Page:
• 10. Components of Financial Aid Award Letters, cont. •  Expected family contribution (EFC) –  Derived from information reported on Free Application for Federal Student Aid –  Generally consistent from school to school 10 • www.nacacnet.org
  • 11. Components of Financial Aid Award Letters, cont. •  Expected family contribution (EFC), cont. –  May be increased by CSS Profile at some schools –  EFC may not be the total family contribution •  Loans and work-study earnings are also a contribution from the family 11 • www.nacacnet.org
  • 12. Components of Financial Aid Award Letters, cont. •  Financial aid –  Gift aid –  Self help aid •  Need-based and non-need based federal loans •  Work-study employment •  Private (non-need-based) loans 12 • www.nacacnet.org
  • 13. Components of Financial Aid Award Letters, cont. •  Gift aid –  Grants and scholarships –  May come from federal, state, or institutional sources –  May be need-based or merit-based 13 • www.nacacnet.org
  • 14. Components of Financial Aid Award Letters, cont. •  Gift aid, cont. –  Does not have to be repaid as long as recipient meets requirements –  May or may not be renewable 14 • www.nacacnet.org
  • 15. Components of Financial Aid Award Letters, cont. •  Federal need-based loans –  Perkins –  Subsidized Stafford •  Features of need-based loans –  Low interest rates –  Delayed repayment –  In-school interest subsidy 15 • www.nacacnet.org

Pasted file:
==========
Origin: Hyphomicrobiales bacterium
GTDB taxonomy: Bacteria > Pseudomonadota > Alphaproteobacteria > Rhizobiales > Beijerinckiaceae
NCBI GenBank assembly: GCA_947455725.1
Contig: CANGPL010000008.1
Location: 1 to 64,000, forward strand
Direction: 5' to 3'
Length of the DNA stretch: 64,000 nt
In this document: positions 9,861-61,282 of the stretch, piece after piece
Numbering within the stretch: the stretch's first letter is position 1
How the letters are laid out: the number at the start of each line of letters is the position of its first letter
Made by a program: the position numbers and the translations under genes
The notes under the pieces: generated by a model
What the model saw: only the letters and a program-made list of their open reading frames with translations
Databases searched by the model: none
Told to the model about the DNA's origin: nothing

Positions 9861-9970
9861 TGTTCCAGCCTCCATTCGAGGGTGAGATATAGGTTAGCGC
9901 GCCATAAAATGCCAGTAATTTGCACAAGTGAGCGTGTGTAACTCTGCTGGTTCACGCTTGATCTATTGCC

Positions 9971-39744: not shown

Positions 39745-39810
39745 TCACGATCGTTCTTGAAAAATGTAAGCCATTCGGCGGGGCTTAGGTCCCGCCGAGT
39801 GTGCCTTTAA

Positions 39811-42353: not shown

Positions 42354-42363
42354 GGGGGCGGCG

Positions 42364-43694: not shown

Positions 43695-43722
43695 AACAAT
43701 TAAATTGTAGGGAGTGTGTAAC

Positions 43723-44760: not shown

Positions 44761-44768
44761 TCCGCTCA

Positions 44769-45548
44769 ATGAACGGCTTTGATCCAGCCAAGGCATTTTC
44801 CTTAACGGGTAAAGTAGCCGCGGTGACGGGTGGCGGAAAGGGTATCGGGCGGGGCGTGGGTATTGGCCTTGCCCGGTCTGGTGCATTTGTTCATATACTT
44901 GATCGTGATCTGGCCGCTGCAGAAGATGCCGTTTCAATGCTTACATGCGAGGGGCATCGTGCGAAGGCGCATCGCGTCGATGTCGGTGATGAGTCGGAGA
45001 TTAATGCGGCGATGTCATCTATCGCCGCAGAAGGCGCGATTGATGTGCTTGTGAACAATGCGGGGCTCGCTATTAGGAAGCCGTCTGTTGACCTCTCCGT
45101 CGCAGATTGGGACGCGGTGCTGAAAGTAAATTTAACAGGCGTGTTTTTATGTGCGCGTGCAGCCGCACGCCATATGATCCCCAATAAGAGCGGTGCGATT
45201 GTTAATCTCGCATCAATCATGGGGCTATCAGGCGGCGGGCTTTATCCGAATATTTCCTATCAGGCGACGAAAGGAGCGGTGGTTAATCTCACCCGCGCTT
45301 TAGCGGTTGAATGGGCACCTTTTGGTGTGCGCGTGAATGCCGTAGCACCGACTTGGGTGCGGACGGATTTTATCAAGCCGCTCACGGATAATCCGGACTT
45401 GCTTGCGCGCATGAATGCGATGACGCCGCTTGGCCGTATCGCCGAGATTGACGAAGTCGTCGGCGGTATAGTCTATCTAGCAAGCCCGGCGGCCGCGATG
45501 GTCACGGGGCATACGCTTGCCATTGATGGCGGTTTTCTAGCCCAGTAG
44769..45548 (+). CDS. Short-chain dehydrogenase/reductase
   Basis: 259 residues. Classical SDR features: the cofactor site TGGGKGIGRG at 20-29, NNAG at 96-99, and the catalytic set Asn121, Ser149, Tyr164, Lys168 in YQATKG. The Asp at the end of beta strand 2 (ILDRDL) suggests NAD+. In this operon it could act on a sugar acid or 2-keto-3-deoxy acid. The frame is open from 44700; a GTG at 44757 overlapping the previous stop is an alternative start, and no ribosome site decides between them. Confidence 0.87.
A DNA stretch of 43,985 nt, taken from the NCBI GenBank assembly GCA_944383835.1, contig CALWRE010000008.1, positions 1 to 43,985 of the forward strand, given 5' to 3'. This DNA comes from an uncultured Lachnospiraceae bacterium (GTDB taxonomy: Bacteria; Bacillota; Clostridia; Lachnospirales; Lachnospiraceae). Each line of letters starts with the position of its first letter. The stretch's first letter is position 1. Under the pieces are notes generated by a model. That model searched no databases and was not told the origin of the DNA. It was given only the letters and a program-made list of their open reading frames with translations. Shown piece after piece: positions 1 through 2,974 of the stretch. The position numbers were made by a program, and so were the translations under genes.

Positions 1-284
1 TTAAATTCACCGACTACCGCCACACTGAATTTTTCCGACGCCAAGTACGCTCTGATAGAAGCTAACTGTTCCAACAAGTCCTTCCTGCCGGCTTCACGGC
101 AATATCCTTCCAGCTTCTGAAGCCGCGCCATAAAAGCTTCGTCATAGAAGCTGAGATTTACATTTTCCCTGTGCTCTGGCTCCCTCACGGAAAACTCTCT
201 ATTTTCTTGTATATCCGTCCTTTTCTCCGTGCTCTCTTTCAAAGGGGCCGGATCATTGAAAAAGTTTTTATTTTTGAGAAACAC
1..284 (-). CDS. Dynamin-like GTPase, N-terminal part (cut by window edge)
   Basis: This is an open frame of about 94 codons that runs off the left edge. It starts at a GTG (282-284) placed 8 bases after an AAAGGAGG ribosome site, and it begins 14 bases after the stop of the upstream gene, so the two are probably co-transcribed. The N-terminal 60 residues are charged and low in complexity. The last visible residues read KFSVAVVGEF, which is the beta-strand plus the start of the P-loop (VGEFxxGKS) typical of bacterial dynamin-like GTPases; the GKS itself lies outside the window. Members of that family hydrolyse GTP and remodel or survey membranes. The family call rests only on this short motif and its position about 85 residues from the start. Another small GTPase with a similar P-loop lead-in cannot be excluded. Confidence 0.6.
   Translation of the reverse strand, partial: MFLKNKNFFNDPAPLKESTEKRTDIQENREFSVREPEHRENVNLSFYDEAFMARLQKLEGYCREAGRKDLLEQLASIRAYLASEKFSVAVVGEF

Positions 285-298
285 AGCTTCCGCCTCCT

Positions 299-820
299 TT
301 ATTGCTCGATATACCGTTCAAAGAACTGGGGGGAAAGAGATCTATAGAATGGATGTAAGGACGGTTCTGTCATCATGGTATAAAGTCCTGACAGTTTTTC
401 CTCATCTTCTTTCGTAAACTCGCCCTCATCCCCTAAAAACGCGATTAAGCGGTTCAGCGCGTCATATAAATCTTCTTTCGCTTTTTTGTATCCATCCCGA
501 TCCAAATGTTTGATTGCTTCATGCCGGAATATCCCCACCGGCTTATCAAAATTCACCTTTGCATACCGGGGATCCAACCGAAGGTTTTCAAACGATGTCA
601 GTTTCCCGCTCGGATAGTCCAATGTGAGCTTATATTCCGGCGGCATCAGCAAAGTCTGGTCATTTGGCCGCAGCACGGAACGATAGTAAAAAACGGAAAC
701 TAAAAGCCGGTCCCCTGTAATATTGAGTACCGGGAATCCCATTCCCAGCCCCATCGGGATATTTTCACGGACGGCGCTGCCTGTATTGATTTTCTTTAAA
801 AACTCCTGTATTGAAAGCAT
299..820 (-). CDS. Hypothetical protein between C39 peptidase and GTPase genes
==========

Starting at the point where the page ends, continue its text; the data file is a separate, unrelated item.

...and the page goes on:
• 16. Components of Financial Aid Award Letters, cont. •  Federal non-need based loans –  Unsubsidized Stafford –  Parent PLUS –  Grad PLUS 16 • www.nacacnet.org
  • 17. Components of Financial Aid Award Letters, cont. •  Federal non-need based loans, cont. –  Higher interest rates •  6.8 percent fixed rate for unsubsidized Stafford –  Interest accrues during school and deferments –  Payments on PLUS loans are due while the student is in school 17 • www.nacacnet.org
  • 18. Components of Financial Aid Award Letters, cont. •  New repayment options are becoming available for most federal student loans –  Income-based repayment –  Public service loan forgiveness 18 • www.nacacnet.org
  • 19. Components of Financial Aid Award Letters, cont. •  Take-away: Income-based repayment and public service loan forgiveness site at www.IBRinfo.org 19 • www.nacacnet.org
  • 20. Components of Financial Aid Award Letters, cont. •  Work-study employment –  Must be willing to work during academic year –  Provides work experience –  Research shows 10-15 hours/week may have academic benefit –  May reduce loan burden 20 • www.nacacnet.org
  • 21. Components of Financial Aid Award Letters, cont. •  Take-away: The financial aid chapter in NACAC’s Guide to the College Admission Process at http://www.nacacnet.org /PublicationsResources/Marketplace/Pages /AdmissionGuide.aspx 21 • www.nacacnet.org
  • 22. Components of Financial Aid Award Letters, cont. •  Take-away: The National Association of Student Financial Aid Administrators’ “Student Aid Program Summary,” accessible from http://www.nasfaa.org/redesign/fanight.asp 22 • www.nacacnet.org